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Book Review: America Latina

Book Review America Latina By Luis Camnitzer, Olivier Compagnon & Alfonso Morales Reviewed by Colin Pantall America Latina is a book of photographs from Latin America. That much is clear. It’s divided into four sections; Territory, The City, Memory and Resisting and Memory and Identity. What’s less clear is what Latin America actually is.

America Latina. By Luis Camnitzer, Olivier Compagnon
& Alfonso Morales. Thames & Hudson, 2014.
America Latina
Reviewed by Colin Pantall

America Latina: 1960 - 2013 Photographies
By Luis Camnitzer, Olivier Compagnon & Alfonso Morales.
Thames & Hudson, 2014. 400 pp., illustrated throughout.

America Latina, the catalog companion book to the exhibit of the same name that was presented at the Fondation Cartier pour l'Art Contemporain in Paris, is a book of photographs from Latin America. That much is clear. It’s divided into four sections; Territory, The City, Memory and Resisting and Memory and Identity.

What’s less clear is what Latin America actually is. In an essay at the front of the book, Oliver Compagnon tells us that it is a fictional creation that has little political or cultural meaning. It is a Eurocentric tag that ignores the indigenous peoples and the slaves who were traded from Africa. It’s a hugely diverse region with ranges of health, wealth and education that in some ways make it a meaningless term.

Compagnon believes there are reasons we should talk about Latin America. It has a revolutionary history that, for this book at least, begins with the Cuban Revolution and goes through to the victory of Nicaraguan Sandinistas in 1979. Latin America is also the home of ‘preventive coups;’ US-backed coups that established military led dictatorships in Brazil, Chile, Argentina and Uruguay. As we move into the 1990s and the US shifted its foreign policy eye to the Middle East, we see what Compagnon calls the ‘left turn;’ from being a testing ground for neo-liberal policies, it became the home of what seemed to be radical alternatives to neo-liberalism.

But still, Compagnon insists, Latin America is in a bad place. Crime rates are high, poverty endemic, the wealth gaps are widening and the legacy of colonial rule is still evident in the racial stratification of Latin American societies; "It is indeed no coincidence that the Spanish and Portuguese languages, as they are presently spoken throughout the continent, still contain hundreds of words for describing skin color, from the lightest shade to the darkest."

The sections of the book roughly correspond to these concerns and depict some common themes; strong graphic images, the use of text and the undermining of traditional forms of representation are all apparent as is the energy and anger of people living in communities and territories that seem to be in a constant state of flux.

Mapping comes up a lot in the first section, Territory. This includes the work of Claudio Perna, an artist who contrasts the distancing cartographical elements of maps with the human complexity of the lands they are supposed to represent. More maps come in the work of Elias Adasme, an artist who "…establishes a metaphorical relationship between his body and the nation’s map." So we see him hanging upside down next to a large map of Chile, a comment on the torture and disappearances of Chilean citizens.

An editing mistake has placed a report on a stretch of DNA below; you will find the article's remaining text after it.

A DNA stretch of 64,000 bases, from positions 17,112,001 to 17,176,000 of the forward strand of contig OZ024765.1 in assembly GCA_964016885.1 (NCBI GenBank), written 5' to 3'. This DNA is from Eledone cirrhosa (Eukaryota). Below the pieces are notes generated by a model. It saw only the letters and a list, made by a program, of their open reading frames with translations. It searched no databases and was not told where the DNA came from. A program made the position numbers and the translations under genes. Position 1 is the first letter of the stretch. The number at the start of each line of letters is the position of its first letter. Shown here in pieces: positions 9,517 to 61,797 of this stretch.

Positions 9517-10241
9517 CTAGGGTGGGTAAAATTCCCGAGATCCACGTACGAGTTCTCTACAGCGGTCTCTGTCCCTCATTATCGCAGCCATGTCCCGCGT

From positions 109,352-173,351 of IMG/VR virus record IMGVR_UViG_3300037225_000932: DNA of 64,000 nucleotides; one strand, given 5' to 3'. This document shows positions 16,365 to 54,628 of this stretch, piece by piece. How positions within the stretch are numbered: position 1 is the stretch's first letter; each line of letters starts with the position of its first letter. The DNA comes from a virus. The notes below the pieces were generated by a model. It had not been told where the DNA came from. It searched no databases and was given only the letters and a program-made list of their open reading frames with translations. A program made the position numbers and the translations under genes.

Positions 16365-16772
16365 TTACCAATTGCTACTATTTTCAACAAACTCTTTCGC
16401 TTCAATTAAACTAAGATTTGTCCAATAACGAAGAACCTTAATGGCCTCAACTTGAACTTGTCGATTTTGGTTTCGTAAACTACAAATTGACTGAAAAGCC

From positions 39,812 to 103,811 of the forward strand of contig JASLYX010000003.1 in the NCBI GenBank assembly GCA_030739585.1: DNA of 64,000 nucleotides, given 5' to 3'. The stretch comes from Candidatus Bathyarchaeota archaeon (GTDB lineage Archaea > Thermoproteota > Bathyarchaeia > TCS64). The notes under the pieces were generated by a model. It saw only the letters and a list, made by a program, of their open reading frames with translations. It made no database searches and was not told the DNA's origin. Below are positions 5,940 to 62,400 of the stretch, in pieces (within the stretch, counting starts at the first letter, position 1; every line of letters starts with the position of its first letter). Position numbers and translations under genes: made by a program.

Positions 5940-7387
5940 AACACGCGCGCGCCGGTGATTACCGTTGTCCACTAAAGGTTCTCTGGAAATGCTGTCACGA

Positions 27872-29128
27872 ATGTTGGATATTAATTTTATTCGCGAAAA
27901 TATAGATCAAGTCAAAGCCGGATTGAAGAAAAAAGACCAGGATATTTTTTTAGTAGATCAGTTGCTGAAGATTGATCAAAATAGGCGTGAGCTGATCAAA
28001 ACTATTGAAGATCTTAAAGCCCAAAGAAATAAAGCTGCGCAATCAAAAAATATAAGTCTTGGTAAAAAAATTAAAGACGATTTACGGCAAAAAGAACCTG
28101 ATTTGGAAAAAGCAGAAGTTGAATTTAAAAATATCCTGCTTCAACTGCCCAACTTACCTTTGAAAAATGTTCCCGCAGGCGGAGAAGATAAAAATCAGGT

In Marked, Claudia Andujar accompanied doctors who were vaccinating Yanomami people against a deadly measles epidemic. Andujar made medical cards that recorded the vaccinations; capturing her ambivalence at being part of a life-saving campaign but also questioning “…the method of labelling people for whatever ends.”

The City section is more documentary than the art-based work of Territory. Sistema Nervioso shows the graphic chaos of Caracas in the 1970s, while Siesta Argentina Facundo de Zuviria shows the small trades and shop fronts of Buenos Aires. Miguel Rio Branco’s dye destruction prints shows marginalized people living on the fringes of Rio de Janeiro and Jose Figueroa shows the contradictions apparent in the everyday propaganda of 1970s Havana.

Activism, text and collage come to the fore in the Memory and Resisting section. Violence, torture, disappearances and injustice are all remembered and recreated. Guillermo Deisler shows collages he made after he was exiled from Chile. One shows a clipping of General Pinochet and a text proclaiming his words: “Democracy carries whithin its breast the seed of its own destruction. There is a saying that democracy has to be bathed occasionally in blood so that it can continue to be democracy.” (sic)

Marcos Lopez flips the book into full colour mode in the Memory and Identity section with his portraits of brightly costumed Argentinians posing next to billboards and brands. What does it mean to be Argentinian in a world where everything is going global is the question he seems to be asking. And that’s what Latin America tries to answer; what it means to be Latin American in today’s globalised world, and what it means to make work that is distinctly Latin American, with a focus on graphics, memory and text.—COLIN PANTALL

COLIN PANTALL is a UK-based writer and photographer. He is a contributing writer for the British Journal of Photography and a Senior Lecturer in Photography at the University of Wales, Newport.